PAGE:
Dancing on the Edge: A Journey of Living, Loving, and Tumbling Through Hollywood

Before he was actor and writer Amber Tamblyn's dad, Russ Tamblyn was just like her: a child actor turned in-demand movie star. His endearing memoir, the joyful-rueful Dancing on the Edge: A Journey of Living, Loving, and Tumbling Through Hollywood, tells of how he went from Oscar nominee to actor who couldn't get a guest spot on The Love Boat. The most interesting part: it wasn't Hollywood that turned its back on him.

Born in 1934 and raised in Inglewood, Calif., by former vaudevillian parents, Tamblyn got a contract with MGM at 16. His career as a dancing, acrobatic actor culminated in his defining film role: Riff in 1961's West Side Story. But by the time his MGM contract ended in 1963, Tamblyn had lost his enthusiasm for acting. He stopped chasing movie roles, ditched his Pacific Palisades pile, and moved to free-spirited Topanga Canyon to make visual art. "[T]hat emptiness I had experienced for so many years had been filled up with a profound creative urge," he explains. Unfortunately, before long there was a new emptiness in Tamblyn's life: empty pockets. Readers should find themselves invested equally in Tamblyn's quests for meaning and financial solvency.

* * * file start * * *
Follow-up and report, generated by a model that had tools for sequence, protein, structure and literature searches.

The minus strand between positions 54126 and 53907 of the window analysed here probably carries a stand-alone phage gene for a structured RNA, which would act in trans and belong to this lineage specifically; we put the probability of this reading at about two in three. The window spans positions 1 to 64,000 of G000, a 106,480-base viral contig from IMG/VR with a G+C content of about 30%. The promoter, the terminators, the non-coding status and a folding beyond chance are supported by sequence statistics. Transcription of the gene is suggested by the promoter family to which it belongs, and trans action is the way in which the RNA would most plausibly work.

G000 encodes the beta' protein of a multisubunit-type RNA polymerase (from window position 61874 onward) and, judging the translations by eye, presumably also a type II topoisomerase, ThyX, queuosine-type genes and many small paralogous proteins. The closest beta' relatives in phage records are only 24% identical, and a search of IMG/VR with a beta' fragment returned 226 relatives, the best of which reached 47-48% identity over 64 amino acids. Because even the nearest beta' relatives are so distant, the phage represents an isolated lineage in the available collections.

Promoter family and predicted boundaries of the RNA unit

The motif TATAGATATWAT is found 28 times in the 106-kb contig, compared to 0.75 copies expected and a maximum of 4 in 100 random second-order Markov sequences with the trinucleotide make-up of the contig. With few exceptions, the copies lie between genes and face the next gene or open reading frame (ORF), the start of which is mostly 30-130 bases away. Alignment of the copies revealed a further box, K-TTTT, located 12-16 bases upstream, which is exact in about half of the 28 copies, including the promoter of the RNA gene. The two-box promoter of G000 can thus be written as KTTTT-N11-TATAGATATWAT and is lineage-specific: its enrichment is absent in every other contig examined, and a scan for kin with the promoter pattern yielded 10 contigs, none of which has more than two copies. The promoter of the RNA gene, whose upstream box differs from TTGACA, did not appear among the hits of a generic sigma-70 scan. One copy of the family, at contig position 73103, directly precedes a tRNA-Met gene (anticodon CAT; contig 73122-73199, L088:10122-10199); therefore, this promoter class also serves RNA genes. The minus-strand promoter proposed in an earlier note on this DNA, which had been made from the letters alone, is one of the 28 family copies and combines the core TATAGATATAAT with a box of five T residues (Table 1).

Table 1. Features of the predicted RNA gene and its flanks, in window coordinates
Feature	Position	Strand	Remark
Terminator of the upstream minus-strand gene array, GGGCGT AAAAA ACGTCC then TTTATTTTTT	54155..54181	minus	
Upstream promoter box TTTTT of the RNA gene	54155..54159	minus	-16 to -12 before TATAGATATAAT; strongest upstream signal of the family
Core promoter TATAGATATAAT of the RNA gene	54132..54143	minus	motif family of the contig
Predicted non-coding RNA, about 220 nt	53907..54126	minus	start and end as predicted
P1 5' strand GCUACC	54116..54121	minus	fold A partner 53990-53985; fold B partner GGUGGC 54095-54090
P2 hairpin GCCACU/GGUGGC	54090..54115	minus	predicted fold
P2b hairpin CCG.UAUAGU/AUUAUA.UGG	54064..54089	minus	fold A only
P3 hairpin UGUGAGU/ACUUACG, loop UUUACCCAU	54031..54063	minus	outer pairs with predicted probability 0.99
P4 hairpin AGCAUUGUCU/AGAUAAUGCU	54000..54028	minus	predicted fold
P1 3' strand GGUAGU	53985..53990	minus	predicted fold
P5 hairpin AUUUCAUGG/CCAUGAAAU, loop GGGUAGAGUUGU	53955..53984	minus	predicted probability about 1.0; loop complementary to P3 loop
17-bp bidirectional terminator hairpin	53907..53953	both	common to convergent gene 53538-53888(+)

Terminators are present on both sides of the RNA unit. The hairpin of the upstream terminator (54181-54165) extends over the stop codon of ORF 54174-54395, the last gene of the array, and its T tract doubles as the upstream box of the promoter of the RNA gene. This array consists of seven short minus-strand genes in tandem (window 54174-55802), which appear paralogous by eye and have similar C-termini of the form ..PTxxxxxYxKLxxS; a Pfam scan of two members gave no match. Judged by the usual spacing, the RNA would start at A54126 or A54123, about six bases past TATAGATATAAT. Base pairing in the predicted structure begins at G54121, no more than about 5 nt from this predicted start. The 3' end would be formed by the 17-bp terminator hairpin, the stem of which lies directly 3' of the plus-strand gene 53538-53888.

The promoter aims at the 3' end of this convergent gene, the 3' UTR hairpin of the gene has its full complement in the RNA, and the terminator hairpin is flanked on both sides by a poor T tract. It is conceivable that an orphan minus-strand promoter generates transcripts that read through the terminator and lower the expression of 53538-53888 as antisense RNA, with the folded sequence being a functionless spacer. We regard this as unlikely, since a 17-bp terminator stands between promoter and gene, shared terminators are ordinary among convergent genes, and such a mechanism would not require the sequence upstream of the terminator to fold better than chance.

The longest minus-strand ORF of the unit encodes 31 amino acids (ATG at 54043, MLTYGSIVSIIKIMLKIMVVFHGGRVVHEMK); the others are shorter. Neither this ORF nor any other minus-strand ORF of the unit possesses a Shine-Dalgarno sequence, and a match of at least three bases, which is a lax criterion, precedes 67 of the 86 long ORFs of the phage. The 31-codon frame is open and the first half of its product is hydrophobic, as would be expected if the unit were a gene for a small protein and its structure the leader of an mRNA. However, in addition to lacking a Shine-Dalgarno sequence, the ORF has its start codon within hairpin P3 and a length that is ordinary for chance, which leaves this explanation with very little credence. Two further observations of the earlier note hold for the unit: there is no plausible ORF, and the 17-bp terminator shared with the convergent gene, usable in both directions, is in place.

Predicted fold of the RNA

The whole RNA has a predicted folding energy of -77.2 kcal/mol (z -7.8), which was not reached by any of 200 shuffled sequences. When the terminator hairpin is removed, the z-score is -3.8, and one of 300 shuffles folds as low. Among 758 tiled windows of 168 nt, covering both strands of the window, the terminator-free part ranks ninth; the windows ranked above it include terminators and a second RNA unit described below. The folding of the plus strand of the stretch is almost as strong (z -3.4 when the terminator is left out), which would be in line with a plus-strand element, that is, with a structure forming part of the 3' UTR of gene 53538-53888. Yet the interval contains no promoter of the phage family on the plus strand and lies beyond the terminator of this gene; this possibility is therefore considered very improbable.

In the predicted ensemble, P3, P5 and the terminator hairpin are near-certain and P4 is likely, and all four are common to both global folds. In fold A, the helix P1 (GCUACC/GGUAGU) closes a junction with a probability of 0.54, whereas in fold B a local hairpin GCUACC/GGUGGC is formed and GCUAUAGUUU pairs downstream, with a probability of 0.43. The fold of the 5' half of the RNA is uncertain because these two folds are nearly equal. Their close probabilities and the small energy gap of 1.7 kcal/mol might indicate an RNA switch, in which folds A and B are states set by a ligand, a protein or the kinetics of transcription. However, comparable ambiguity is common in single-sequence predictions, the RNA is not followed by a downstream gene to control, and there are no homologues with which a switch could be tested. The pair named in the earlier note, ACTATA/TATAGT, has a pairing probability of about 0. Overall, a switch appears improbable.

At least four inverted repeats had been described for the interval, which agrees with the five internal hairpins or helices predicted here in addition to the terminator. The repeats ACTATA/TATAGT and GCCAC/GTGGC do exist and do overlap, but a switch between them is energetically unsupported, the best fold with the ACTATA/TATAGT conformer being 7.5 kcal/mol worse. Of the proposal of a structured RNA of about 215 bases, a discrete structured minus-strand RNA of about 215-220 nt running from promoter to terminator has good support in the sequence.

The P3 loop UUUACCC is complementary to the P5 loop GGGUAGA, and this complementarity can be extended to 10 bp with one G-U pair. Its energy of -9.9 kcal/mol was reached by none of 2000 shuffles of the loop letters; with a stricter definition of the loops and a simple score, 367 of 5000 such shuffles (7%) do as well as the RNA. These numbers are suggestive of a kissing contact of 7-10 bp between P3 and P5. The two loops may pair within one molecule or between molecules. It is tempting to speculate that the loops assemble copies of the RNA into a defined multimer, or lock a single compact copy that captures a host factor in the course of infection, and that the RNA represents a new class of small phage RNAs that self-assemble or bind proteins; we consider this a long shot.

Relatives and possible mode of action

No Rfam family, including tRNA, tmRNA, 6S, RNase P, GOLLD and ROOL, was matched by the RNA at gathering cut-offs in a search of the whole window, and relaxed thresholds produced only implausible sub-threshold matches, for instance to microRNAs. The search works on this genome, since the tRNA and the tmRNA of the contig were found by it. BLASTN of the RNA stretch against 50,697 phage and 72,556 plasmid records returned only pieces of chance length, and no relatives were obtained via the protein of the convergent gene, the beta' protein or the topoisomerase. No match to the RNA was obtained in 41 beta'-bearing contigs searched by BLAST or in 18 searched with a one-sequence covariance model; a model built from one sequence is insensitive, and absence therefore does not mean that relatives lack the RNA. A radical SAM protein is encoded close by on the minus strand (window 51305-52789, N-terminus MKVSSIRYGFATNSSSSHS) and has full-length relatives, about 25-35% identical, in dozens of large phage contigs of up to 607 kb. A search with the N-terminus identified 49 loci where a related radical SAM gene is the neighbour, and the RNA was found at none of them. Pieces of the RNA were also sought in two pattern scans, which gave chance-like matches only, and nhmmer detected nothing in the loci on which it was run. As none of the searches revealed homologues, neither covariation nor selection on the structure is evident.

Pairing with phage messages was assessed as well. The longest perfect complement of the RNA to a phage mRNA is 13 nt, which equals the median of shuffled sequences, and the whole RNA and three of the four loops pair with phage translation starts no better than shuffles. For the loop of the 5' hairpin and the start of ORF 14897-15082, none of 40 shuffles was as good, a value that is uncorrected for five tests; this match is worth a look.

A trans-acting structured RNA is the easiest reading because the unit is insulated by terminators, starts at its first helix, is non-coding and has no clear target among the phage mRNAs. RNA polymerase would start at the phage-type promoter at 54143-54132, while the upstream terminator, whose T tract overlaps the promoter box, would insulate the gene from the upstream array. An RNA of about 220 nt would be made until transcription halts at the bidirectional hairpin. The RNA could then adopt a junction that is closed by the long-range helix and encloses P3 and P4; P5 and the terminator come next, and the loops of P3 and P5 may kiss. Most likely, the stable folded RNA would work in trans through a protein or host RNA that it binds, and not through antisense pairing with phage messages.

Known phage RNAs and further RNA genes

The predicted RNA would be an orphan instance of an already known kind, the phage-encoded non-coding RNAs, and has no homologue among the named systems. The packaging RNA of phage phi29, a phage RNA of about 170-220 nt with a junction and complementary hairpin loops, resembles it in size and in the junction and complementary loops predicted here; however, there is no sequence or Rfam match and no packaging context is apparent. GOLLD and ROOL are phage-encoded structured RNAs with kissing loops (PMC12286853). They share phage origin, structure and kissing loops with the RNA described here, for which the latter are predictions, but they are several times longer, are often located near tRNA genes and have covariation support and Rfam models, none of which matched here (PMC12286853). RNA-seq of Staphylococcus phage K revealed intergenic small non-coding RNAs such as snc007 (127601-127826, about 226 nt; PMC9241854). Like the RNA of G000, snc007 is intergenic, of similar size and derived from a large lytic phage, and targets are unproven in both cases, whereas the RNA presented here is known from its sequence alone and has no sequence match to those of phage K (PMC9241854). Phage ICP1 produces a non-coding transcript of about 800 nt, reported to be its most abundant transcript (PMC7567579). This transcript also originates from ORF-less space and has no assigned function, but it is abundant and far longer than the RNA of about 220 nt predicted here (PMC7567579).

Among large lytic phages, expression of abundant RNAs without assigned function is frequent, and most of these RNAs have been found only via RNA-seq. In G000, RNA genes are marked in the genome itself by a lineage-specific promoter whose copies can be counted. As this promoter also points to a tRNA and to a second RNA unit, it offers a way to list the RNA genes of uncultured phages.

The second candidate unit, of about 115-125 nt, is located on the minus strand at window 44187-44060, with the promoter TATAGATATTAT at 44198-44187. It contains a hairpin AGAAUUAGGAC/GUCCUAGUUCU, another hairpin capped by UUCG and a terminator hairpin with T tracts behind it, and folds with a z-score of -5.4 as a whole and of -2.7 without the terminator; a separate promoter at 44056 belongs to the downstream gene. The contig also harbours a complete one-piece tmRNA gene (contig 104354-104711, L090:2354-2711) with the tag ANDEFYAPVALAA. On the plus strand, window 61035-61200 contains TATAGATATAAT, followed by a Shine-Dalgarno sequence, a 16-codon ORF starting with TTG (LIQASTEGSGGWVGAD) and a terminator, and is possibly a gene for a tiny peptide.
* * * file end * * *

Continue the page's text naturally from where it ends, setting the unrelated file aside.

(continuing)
Dancing on the Edge is a valuable account of both Old Hollywood and the West Coast beat scene. Tamblyn doesn't come right out and say that he wishes he hadn't "dropped out of Hollywood," but the latter half of his book is infused with a low-grade melancholy suggesting something rare in a Tinseltown memoir: ingenuousness. --Nell Beram, author and freelance writer

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